I don't use an RSS reader. If I did, it would probably save this company a whole heap of cash: our bandwidth usage would halve, I'd be much more productive and I imagine various news sites around the web would probably pay us for keeping me away from their sites.
The problem is this: I like reading the news. A lot. In fact, every five minutes or so, I feel the compulsive urge to start up Firefox and browse to Slashdot then The Inquirer, then maybe a half-dozen other sites that haven't changed since I last checked them a few minutes earlier, until finally my thirst subsides and I can get back to work. If I were to install an RSS reader, I could have a little ticker on my screen somewhere that did all this checking for me and would only flag up things that had changed. But I don't want that; RSS isn't for me.
In the same way that I enjoy buying books from a book shop, I like visiting websites for my news hits. It's almost a game looking over BBC News and spotting the bits that have changed, then deciding whether it's actually interesting enough for me to read. But then ultimately I have little interest in most of the stories I see whizz by - I'm really just looking for a distraction.
The cure is simple but drastic: cut off the internet. In the past, the few times I've been seriously late with a feature, I've found that yanking out the 'net connection works wonders - suddenly I'm much more productive, and can usually finish whatever I'm doing in an hour or so. But it also highlights how low I've sank with my news addiction: whenever I open Firefox I get a "Can't find the webserver" error, which is a smack in the face that reminds me I'm supposed to be working. If you've ever started eating a box of Pringles, decided you've had enough, put it to one side, then found yourself mysteriously eating Pringles five minutes later because you'd unconsciouly re-opened the can, you'll know what I mean. I don't think I'm alone in this!
Fortunately, the long-term prognosis for my problem is far from fatal. I simply must install and RSS reader. I'm going to install an RSS reader and I'm going to like it, too. That or I'm going to neurally connect myself to the internet, but I've put that on the back burner until I can convince my frontal lobe that IPv6 is A Good Thing.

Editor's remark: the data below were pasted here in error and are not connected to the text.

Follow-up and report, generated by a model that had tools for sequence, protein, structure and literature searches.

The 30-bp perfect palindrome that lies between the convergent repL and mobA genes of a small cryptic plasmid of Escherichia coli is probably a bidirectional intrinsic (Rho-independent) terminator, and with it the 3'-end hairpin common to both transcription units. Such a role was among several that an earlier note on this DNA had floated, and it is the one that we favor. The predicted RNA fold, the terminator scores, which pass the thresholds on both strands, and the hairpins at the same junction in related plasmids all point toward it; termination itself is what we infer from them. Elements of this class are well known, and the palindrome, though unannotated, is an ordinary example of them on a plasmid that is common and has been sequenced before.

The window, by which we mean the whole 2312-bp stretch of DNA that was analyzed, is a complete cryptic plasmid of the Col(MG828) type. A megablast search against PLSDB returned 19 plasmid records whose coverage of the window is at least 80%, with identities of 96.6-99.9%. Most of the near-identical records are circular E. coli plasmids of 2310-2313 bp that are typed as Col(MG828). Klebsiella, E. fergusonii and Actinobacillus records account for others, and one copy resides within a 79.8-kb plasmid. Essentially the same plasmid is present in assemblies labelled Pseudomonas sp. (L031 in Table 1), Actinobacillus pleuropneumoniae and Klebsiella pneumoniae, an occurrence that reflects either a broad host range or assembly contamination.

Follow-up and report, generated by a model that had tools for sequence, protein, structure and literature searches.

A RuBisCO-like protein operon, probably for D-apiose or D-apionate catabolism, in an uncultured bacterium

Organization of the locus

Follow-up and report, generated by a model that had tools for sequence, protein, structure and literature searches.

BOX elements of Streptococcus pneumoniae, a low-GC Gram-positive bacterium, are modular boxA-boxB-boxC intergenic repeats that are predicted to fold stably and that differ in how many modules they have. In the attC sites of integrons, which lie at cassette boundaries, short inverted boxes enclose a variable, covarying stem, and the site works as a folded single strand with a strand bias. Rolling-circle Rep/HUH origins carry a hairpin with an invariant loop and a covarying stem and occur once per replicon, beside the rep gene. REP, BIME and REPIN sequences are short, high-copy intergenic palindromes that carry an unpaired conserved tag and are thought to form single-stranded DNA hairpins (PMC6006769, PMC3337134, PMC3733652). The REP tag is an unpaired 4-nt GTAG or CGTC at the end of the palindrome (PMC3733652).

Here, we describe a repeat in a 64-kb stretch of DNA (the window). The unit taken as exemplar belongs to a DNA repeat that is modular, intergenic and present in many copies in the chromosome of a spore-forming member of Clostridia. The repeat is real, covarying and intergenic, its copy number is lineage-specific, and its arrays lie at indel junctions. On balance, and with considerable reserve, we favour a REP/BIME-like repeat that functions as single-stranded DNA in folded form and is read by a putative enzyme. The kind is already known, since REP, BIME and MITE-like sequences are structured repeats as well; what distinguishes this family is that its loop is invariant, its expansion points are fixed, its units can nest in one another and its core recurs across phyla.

In other news, who agrees with me that Fedora Core 5 is one heck of an exciting release? I've been using it since Test 1, and was first rather scared/appalled/anxious that so much was changing. Test 1 was a complete mess, with lots of bits broken, other bits removed but not yet replaced, and only the least idea what the future held. Test 2, somehow, managed to be even more crazy. But test 3? The Fedora/Red Hat guys have managed to pull all the different development streams together and the result is an attractive, fast, powerful distro that makes FC4 look like a bad taste in your mouth. The new theme is simply gorgeous, and I sincerely hope other distros will borrow at least some of it.
My only niggle is this: the new Xen guest installation script is pretty good, but when it comes to installing a distro on your guest you get to choose from HTTP, FTP or NFS. Note: there is no "I have the DVD in my hands, please use it" option. Otherwise, this is a terrific release that has managed to turn the flagging Fedora project around - hurrah! I've managed to stay on SUSE since 10.0 was released (with a bit of Ubuntu thrown in for good measure), which is the longest time between switching distros I can recall since the glory days of Mandrake. But I think FC5 will put me back on Fedora, at least until Dapper Drake ships.
Finally, I'm dragging myself into the 21st century. I've recently purchased a couple of pairs of Bose noise-reduction headphones for my holiday in April (I can't stand the constant noise on airplanes), I signed up to Audible for some audio books and I just took the plunge and bought me a dual-core iMac. Now if only Sony-Ericsson would hurry up and release the P990 so I can upgrade...